GM food also encourages the increased use of pesticides.  In fact, the most common GM crops are specifically designed to be tolerant of the herbicide RoundUp.  This has created a new farming practice of directly spraying food crops with herbicides – something previously impossible, since a regular (non-genetically engineer) plant could not survive these sprays.  Because of this practice, these chemicals are now permeating our food system.

For a detailed scientific look at the problems created by GMOs, read GM CROPS – JUST THE SCIENCE: research documenting the limitations, risks, and alternatives.

Is labeling of GMOs required anywhere?

Yes.  Many developed and developing nations have labeling laws, including 15 nations in the European Union, Japan, Australia, Brazil, Russia and even China!

What’s more, dozens of countries have banned or restricted the import, distribution, sale, utilization, field trials and commercial planting of GMOs including Brazil, Germany, Egypt, Algeria, China, Japan, New Zealand, the United Kingdom, Peru and the European Union.

Why aren’t GMOs labeled in the U.S.?

Simply, because the American public has not demanded they be labeled.  Most people in the U.S. have not been told about the prevalence of GMOs, let alone the health concerns.  Shouldn’t it be our right to choose what we eat?  Right now, if you want to be absolutely sure you are not eating GM food, you would need to completely avoid soy, corn, canola, beets, wheat, flax, cotton, and many more foods!

How can I help get GMOs labeled?

Share this information with friends, family, and co-workers.  Sign our petition to support the Oregon GMO labeling measure, and vote for it this November!  Tell your elected officials to vote in support of the labeling initiatives. Use this link to find your state legislator. Check your county commissioner’s office to find your local commissioner.

And, very importantly, write your favorite food companies in support of GMO labeling.  When enough of us speak out, they will listen to their customers! 

How do I learn more?

Visit theCenter for Food Safety. Download a copy of the Non-GMO Shopping Guide, or the iPhone App. Watch the DVD The Future of Food.   Check out the book Genetically Engineered Foods by Laura Ticciati and Robin Ticciati, Ph.D.  For an in depth read, take a look at Genetic Roulette: The Documented Health Risks of Genetically Engineered Foods by Jeffrey M. Smith, or Your Right to Know: Genetic Engineering and the Secret Changes in Your Food by Andrew Kimbrell.  Take a look at our resources page for other excellent books, movies, websites, and links to research abstracts about GMOs.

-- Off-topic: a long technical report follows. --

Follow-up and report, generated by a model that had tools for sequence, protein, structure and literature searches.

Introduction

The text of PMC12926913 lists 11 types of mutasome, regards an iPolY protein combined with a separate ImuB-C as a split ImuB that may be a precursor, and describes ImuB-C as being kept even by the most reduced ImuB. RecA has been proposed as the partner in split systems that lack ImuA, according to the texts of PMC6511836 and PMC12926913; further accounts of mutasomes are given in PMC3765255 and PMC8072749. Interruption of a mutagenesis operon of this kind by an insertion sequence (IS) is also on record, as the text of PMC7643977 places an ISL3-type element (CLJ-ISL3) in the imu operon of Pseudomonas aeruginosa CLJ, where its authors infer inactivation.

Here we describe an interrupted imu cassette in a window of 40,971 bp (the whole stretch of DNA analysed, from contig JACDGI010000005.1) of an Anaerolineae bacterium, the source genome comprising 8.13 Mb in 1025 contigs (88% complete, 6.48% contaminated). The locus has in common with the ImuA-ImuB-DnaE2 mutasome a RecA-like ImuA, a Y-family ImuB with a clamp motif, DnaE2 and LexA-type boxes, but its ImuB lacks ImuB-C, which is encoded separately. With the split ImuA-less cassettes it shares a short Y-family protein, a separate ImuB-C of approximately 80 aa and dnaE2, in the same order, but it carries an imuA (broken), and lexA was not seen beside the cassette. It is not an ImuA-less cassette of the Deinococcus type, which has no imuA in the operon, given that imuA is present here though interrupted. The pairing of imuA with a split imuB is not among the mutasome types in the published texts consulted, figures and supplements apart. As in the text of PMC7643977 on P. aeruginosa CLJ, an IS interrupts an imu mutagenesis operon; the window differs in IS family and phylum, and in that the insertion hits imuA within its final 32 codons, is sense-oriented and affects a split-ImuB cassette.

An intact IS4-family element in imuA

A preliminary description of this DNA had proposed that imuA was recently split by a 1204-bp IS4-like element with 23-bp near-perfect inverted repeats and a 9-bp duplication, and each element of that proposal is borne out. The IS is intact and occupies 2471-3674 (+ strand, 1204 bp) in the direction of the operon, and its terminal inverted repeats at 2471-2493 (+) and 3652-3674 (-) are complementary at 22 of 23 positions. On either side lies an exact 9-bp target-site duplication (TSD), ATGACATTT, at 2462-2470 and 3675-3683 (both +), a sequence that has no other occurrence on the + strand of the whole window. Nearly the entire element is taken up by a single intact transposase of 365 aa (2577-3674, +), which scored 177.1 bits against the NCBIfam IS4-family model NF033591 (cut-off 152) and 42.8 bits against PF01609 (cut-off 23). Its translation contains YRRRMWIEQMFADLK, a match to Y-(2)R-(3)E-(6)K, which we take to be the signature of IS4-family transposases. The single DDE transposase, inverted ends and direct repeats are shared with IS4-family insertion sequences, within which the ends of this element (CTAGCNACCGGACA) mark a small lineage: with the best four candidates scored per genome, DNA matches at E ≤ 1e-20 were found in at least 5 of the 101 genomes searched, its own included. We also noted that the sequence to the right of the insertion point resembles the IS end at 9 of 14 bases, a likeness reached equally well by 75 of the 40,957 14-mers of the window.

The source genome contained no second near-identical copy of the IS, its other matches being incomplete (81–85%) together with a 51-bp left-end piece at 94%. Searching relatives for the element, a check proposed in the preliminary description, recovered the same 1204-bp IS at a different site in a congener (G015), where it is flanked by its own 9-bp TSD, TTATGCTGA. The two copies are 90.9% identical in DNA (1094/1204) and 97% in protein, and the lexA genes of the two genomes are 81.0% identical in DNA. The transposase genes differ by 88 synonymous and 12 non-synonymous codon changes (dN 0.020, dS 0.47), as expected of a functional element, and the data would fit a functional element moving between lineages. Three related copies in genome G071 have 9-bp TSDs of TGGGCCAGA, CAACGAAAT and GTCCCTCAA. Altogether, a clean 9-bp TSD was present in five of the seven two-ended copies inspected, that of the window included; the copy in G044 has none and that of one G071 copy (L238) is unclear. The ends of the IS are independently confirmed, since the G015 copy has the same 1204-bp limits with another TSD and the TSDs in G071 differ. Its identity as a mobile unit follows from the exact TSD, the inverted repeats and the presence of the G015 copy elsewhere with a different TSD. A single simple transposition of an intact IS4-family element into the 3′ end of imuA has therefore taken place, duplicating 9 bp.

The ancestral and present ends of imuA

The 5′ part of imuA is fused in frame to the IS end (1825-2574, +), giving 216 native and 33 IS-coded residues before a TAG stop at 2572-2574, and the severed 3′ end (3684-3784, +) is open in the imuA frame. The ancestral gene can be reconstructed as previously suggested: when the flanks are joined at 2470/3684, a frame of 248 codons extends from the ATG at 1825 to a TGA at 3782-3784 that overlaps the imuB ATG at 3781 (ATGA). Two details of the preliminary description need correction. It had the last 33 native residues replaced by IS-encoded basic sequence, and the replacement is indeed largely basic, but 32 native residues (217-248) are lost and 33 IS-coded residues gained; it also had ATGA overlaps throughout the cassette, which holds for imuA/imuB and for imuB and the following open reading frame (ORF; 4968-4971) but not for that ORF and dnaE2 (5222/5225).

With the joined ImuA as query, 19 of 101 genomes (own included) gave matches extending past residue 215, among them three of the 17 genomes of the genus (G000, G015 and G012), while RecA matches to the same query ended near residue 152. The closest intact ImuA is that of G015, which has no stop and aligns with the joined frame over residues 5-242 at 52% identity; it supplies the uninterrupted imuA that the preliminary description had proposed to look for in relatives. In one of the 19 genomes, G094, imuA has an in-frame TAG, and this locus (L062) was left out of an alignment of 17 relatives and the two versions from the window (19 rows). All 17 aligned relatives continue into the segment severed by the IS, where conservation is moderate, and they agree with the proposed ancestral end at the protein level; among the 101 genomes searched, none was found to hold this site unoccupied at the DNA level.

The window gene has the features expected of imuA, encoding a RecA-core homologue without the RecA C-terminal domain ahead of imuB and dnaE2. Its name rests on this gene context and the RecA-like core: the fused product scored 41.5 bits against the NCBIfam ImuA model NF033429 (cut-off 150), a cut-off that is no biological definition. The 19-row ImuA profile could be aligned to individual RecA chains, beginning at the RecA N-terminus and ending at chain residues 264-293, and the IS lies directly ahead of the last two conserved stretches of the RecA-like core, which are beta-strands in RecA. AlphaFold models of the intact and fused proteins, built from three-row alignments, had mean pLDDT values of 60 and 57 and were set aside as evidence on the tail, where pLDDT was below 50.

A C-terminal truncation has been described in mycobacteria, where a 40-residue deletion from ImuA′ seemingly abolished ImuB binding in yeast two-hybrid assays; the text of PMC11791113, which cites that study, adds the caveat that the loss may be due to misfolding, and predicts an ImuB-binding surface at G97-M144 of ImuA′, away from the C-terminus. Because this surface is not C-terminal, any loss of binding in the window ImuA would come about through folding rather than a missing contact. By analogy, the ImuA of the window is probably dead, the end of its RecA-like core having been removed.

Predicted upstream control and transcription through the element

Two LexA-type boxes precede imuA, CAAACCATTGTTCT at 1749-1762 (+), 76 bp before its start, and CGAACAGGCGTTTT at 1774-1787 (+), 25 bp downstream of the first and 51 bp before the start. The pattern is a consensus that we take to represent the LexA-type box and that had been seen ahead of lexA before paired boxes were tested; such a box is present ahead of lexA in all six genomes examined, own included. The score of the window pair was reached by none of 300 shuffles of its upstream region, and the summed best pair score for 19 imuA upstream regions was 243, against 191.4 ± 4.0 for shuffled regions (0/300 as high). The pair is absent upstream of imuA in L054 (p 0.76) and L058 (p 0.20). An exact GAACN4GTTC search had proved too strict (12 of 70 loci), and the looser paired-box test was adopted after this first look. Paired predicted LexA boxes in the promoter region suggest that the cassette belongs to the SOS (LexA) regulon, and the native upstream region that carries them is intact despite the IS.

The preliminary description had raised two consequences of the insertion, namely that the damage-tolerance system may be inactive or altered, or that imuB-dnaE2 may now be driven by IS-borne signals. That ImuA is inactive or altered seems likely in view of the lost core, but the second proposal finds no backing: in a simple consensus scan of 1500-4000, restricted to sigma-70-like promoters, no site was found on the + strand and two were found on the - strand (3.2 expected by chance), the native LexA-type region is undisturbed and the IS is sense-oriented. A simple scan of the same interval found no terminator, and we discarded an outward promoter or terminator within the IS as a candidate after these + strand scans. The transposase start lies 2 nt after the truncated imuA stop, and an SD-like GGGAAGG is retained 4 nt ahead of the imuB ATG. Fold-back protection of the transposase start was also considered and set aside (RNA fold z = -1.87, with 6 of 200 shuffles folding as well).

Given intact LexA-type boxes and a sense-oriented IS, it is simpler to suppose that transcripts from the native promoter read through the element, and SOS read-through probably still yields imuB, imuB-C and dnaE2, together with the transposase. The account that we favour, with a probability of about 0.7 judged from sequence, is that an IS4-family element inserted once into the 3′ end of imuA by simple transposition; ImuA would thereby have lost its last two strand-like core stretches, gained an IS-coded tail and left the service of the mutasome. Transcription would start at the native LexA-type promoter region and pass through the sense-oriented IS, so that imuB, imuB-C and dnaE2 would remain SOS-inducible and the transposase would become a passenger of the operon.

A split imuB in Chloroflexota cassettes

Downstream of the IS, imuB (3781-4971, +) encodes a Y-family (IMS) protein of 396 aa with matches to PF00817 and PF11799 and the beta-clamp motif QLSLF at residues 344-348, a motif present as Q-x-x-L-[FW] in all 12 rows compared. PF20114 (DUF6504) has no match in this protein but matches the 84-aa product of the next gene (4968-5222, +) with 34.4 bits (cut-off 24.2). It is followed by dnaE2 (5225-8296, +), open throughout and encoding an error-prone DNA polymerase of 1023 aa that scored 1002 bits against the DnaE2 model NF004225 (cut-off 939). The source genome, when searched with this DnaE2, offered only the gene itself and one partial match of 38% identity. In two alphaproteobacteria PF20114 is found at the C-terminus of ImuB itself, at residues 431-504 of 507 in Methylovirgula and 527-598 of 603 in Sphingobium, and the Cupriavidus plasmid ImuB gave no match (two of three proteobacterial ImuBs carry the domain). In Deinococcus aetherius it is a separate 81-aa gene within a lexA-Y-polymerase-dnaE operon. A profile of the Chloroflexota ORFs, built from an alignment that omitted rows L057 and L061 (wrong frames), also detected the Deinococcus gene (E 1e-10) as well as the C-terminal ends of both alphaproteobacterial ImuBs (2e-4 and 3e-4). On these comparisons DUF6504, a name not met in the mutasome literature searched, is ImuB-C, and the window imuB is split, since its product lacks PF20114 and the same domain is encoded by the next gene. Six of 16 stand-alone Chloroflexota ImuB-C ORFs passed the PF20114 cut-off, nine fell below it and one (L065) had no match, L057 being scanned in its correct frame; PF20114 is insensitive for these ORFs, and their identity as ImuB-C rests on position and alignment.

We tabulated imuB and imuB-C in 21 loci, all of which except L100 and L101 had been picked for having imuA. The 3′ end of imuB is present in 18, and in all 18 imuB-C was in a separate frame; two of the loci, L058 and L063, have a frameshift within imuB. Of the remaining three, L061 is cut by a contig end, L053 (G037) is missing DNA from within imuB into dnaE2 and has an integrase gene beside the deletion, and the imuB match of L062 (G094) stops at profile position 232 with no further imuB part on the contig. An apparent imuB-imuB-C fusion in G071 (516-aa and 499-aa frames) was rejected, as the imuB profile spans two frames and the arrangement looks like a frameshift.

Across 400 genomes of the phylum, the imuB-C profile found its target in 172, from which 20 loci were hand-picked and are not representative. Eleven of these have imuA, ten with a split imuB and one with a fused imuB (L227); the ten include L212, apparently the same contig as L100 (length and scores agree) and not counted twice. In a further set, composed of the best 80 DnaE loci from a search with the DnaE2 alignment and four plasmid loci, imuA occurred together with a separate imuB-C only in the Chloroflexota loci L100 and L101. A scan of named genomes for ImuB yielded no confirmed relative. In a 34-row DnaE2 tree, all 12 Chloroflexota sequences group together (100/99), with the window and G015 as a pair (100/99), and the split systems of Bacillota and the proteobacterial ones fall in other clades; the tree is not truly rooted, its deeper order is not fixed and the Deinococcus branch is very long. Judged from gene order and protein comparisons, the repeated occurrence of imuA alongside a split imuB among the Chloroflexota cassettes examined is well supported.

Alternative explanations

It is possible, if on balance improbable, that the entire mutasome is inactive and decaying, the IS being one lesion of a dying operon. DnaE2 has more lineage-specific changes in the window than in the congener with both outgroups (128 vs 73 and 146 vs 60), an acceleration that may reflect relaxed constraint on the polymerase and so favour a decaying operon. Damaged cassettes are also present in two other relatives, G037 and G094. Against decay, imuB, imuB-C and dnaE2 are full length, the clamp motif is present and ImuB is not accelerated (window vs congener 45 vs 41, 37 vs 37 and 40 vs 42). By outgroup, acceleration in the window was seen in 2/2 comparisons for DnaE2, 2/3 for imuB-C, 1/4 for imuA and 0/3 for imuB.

Scott Bates published home 2012-05-08 10:05:59 -0700

About the initiative

Oregon consumers have the right to know whether or not the food they purchase was produced using genetic engineering. Genetic engineering of plants and animals often causes unintended consequences. Manipulating genes and inserting them into organisms is an imprecise process. The results are not always predictable or controllable, and they can lead to adverse health or environmental consequences. 

Fifty countries including the European Union and Japan have laws mandating that genetically engineered foods be labeled, but the United States does not have such a requirement. Public opinion polls indicate that over 90 percent of American voters support the labeling of genetically engineered foods.

The Oregon Right to Know Genetically Engineered Food initiative follows in the footsteps of the current California initiative ( ) and is joined by similar legislation efforts earlier this year in Vermont and Connecticut.  All four, including ours here in Oregon strive to address the lack of GMO labeling and consumer knowledge by requiring that:

  • Processed foods that contain GMO derived ingredients be labeled as containing genetically engineered food
  • Foods about to come on the market that are wholly themselves a genetically modified organism (Corn-on-the-cobb, Salmon) be clearly labled as genetically engineered 
  • The labeling, advertising and marketing of genetically engineered foods using terms such as “natural,” “naturally made,” “naturally grown,” or “all natural” is misleading to consumers and therefor GMO products cannot be labeled as such.

You can read the full text of the initative here: Oregon Right to Know Genetically Engineered Foods

Scott Bates published Endorse 2012-05-08 02:17:59 -0700

Scott Bates published Donate 2012-05-08 02:07:00 -0700

Kendall Weaver followed Join 2012-09-08 14:07:34 -0700

Scott Bates published Blog 2012-05-07 13:28:37 -0700

Scott Bates published About 2012-05-07 13:28:35 -0700

About Oregon Right to Know

This is where you tell everyone about Oregon Right to Know.